Update: Cincinnati Watch Co. Cincinnatus Field V2

Review and photos by Mike Razak

I’ve been a fan of Cincinnati Watch Company and their pieces for a bit now. After doing a review and a period of longing, I finally pulled the trigger on a blue P-40M a few months ago. But I had the Cincinnatus Field in for review around the same time and was almost equally impressed. There were a few things that didn’t click for me, but I’m happy to say that the Cincinnatus Field V2 has arrived and has improved upon its predecessor.  Instead of doing a full review of the new watch, I’ll delight you with some photos and discuss the improvements. As such, I’d highly recommended checking out the original review, as the form factor has not changed.

Trust that all things that made the Cincinnatus Field fantastic remain. The dial texture is gorgeous and now even more so in the added blue and green colors (I tried the West Coast Blue). The bold sword hands allow for easy reading. The case is perfectly proportioned with a great contrasting bezel and rounded lugs.

Photo courtesy of Cincinnati Watch Co. 

The only issue that remains for the Cincinnatus Field is that the lume still struggles and is a bit uneven. Given how great the watch is otherwise, though, this is no dealbreaker. Further, lume on a watch like this, doesn’t need to be perfect. The hands and cardinal numerals shine sufficiently. Maybe the V3 will bring an upgrade here?

So what’s new? The first big change is the inclusion of a bracelet. One of my gripes with the strap that came with the original Field was that it just didn’t match the quality of the watch. It looked good but wasn’t up to snuff. And the generic NATO that was also included was even more disappointing. Happily, there’s no such issue with the oyster-style bracelet. It flows seamlessly from the case thanks to fitted endlinks. A perfectly serviceable stamped clasp secures the watch and features three microadjustments plus the model name. On the bracelet, properly adjusted, the watch wore perfectly.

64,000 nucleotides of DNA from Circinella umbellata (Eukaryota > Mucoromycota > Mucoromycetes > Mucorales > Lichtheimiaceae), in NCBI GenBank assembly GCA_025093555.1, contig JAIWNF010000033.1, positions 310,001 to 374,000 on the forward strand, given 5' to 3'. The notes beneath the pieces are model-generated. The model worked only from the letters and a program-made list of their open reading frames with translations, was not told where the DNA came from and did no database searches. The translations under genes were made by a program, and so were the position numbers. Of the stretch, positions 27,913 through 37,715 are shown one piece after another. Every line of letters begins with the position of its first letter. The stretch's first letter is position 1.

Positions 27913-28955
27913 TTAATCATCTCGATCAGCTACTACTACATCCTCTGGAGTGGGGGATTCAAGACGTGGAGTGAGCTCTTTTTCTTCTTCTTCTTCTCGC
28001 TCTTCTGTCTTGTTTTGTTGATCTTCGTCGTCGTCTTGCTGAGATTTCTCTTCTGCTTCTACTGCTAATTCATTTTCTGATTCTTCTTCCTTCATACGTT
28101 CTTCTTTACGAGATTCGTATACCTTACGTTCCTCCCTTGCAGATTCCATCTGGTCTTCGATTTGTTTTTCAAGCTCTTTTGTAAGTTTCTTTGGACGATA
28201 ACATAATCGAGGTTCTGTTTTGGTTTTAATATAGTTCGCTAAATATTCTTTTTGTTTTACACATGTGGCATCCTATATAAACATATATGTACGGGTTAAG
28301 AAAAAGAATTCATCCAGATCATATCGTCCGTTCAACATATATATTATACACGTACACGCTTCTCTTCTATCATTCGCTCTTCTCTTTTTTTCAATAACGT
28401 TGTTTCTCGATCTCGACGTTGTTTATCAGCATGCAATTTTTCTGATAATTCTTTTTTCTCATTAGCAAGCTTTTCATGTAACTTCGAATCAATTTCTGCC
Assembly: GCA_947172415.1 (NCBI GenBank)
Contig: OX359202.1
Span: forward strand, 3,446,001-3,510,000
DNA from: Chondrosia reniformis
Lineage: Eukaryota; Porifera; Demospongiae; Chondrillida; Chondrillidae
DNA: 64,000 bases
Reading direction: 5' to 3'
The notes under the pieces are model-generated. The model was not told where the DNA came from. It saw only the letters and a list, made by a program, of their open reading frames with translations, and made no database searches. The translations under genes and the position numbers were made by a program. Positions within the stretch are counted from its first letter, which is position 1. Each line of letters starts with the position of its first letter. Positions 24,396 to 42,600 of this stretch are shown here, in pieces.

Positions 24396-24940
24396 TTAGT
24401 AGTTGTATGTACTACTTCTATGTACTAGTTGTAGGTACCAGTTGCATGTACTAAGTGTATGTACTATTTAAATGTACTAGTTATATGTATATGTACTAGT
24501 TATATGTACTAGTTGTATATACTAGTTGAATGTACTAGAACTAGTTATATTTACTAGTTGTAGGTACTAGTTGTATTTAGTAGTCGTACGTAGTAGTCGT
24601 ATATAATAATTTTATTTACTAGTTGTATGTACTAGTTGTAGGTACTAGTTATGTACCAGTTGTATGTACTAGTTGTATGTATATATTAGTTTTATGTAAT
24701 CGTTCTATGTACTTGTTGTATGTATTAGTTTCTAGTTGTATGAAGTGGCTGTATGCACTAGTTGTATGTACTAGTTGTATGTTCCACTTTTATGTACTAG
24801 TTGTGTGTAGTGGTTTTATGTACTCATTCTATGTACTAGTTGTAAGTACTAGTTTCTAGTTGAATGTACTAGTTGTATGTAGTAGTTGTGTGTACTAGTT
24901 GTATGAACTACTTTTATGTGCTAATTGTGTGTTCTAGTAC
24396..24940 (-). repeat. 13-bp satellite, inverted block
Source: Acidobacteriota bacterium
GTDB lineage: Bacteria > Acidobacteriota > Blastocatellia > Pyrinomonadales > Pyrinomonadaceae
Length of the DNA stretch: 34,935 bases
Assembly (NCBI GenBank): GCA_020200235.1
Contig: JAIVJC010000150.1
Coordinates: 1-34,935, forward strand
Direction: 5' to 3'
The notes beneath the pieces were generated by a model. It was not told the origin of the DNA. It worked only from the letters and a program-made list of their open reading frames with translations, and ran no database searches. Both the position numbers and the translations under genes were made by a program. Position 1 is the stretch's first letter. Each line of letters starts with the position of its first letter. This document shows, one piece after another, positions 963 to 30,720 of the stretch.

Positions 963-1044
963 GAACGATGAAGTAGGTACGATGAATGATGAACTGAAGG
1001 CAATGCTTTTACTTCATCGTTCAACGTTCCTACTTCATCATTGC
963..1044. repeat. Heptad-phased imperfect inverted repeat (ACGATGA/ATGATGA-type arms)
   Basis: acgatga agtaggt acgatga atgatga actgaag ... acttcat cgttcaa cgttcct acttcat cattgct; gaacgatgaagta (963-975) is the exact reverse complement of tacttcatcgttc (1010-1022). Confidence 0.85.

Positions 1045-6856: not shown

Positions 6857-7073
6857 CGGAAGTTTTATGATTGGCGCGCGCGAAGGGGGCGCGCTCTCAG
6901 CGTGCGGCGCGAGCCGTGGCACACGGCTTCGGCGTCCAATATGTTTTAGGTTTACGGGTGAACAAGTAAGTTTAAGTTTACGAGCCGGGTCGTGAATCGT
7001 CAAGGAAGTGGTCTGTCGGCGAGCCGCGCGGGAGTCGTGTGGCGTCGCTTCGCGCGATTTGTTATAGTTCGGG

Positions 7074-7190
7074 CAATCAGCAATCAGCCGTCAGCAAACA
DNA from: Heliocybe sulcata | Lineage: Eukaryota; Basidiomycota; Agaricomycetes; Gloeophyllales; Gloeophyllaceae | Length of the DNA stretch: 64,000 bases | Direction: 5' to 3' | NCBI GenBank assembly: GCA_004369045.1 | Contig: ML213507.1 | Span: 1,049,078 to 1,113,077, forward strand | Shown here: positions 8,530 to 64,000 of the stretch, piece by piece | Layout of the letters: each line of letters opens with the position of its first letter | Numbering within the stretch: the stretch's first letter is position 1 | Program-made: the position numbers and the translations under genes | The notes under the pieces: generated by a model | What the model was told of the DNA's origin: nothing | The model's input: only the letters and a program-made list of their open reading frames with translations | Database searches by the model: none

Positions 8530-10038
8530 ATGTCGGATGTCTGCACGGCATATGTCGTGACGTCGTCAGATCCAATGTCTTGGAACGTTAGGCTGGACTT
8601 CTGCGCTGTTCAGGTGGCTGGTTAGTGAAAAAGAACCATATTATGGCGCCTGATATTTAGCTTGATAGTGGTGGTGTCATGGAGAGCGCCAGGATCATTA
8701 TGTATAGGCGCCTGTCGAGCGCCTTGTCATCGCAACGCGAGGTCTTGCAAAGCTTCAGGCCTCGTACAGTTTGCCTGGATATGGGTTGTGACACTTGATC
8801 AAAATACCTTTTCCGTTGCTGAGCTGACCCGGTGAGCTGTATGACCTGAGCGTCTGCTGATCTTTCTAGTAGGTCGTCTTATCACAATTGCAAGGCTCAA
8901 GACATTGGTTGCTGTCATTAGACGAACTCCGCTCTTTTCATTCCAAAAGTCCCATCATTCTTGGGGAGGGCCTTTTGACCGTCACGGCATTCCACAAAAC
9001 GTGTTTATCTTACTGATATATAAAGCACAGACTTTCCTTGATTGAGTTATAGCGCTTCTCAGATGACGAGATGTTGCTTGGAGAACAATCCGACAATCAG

Next, the crown has been enlarged. Another of my nits picked with the V1 was the crowns insubstantial size. It was fine, but didn’t allow for great grip when changing the time or winding. The new crown has been beefed up to the perfect size.

I would’ve liked drilled lugs for easy strap changes, but if I’m honesty, I don’t know how often I’d use them. I liked so much how the bracelet integrated and wore that I only changed the straps so I could take photos to show the watch’s versatility.

Also changed is the movement, and with it the caseback. The Seiko NH71 has been traded for the NH38. The former was a skeletonized, gilt movement, showed off through a sapphire caseback on the Cincinnatus Field. Featuring identical specifications, the NH38 also allows for proper a proper no-date watch, and is hidden behind a sturdy solid caseback. The caseback is unadorned apart from peripheral text.

The new Cincinnatus Field presents a great GADA (go anywhere, do anything) watch with a bit of character brought on by the hands and dial. At the price, it’s hard to argue with and harder to beat. Available for$295 at preorder, I’m not sure there’s anywhere else to get this caliber of watch. Full retail will be $350 and that’s still a fantastic deal. And there are two bonuses: all Cincinnati Watch Co. watches are now assembled, regulated, and pressure tested in house by their watchmaker. And a portion of every sale goes tot he Freestore Foodbank, helping to feed Cincinnati residents in need. So get a great watch and help some people out.

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